What’s the Difference Between an Option and a Right of First Refusal in Real Estate?
Real estate terminology can be confusing, but it is important to understand the differing meanings of similar terms because those differences can affect your rights and responsibilities. In our office, we are sometimes asked about the difference between an “option” and a “right of first refusal” in the real estate context.
What is an Option to Purchase?
An option is also sometimes called an “option to purchase” or an “option contract.” An option is a type of contract, which means in order for it to be enforceable, each side must give something of value (“consideration,” in legal terms). The owner of the property (the “optionor”) gives a potential buyer (the optionee) the exclusive right to buy the property under certain terms during a specific time period. The optionee pays a premium for this option.
The optionee can choose to exercise their option to purchase at any time within the specified period. The optionor, however, cannot withdraw the option to purchase until the option period expires. If the value of the property increases during the option period, the optionee may choose to exercise the option and pays the previously agreed-upon price for the property. If the value of the property decreases, the optionee may decide not to exercise the option. In that case, the optionor keeps both the property, which they can sell to someone else, and the money paid for the option to purchase.
A real estate option has advantages for both purchasers of residential real estate and investors. Let’s say you want to build a home in a certain area. Lots are going fast, but you don’t yet have the financing you need. If you can purchase an option, you can secure the right to buy the property you want while you pin down financing. If the property value rises, you not only have the lot you wanted, but you will pay less for it than you would have had you waited (assuming it was still available). If the property value falls, or you find an even better lot, or you can’t obtain the needed financing, you can walk away without having lost too much money.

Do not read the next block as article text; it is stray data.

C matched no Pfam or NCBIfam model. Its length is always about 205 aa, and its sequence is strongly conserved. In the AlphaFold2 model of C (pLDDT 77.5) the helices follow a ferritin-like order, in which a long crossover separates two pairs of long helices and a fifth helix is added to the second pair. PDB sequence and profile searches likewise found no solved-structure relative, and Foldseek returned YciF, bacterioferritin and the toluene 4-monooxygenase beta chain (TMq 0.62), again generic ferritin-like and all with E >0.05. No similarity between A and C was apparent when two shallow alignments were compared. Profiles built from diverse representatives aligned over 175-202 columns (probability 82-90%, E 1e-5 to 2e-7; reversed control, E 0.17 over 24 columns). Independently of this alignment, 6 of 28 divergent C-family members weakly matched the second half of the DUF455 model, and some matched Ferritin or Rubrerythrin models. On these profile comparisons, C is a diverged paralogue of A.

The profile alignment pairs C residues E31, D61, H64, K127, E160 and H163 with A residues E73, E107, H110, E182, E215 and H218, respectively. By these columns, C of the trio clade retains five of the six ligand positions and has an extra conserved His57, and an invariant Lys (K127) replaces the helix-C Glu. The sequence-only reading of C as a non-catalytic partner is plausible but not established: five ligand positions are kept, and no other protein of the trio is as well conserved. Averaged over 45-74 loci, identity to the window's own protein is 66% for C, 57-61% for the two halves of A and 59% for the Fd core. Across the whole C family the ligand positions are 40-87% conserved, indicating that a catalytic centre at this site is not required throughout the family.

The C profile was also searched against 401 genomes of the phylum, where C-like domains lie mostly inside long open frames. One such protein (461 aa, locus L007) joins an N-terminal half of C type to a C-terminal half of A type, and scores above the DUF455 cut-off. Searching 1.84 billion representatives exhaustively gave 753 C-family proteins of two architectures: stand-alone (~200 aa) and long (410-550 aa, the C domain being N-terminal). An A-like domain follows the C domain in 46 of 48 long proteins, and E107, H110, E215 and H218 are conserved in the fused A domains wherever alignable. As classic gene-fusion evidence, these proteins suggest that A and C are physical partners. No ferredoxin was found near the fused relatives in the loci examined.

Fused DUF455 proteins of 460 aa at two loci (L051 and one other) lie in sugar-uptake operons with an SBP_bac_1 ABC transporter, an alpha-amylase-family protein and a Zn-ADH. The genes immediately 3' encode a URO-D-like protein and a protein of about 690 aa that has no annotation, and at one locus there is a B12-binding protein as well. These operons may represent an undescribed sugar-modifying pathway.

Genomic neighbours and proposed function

An investor might purchase an option to buy land in an area desirable for commercial development. If she buys the property outright, she risks not being able to find developers or other investors to pay what she wants for the land. With an option to purchase for a specific price in hand, an investor can seek out developers. If she finds she will be able to turn a profit, she can exercise her option. If not, she can let the option period expire.
What is a Right of First Refusal?
A right of first refusal (ROFR) also gives a potential purchaser the right to buy certain real estate, but under somewhat different circumstances than an option to purchase. A right of first refusal requires the owner of the property to sell it to the holder of the ROFR under the same terms as with another party. As with an option to purchase, the holder of the ROFR has the right, but not the obligation, to purchase the property if the owner decides to sell. If the property owner decides to sell, but the holder of the ROFR declines to exercise their right, the owner may then sell the property to another purchaser.
Rights of first refusal are common in lease agreements, either as part of the agreement or a stand-alone agreement. For example, let’s suppose you owned a coffee shop and rented a storefront in the busy shopping district of town. Your customers know where to find you and there’s a lot of walk-in traffic, so you would hate to lose the location if the owner ever sold the building. The owner is not interested in selling right now, though, so you can’t buy the building and guarantee you will be able to stay there.
If you can get the owner to give you a ROFR, though, you will have the first opportunity to buy if he ever does decide to sell. It’s not (yet) an option to purchase, because there is no guarantee that the property will ever come up for sale. If the owner does decide to sell, the right of first refusal becomes an option to buy. In short, an option requires the property owner to sell if the optionee wants to buy; a ROFR does not compel the property owner to sell unless and until they are ready to.
Like an option to purchase, a ROFR is a contract that requires consideration from both parties. Both options and ROFRS must also:
- Be in writing;
- Contain a description of the property;
- Be signed by the parties.
If you are interested in buying or selling real estate and need help drafting an option to purchase or a right of first refusal, please contact The Law Offices of Dana M. Kyle to schedule a consultation.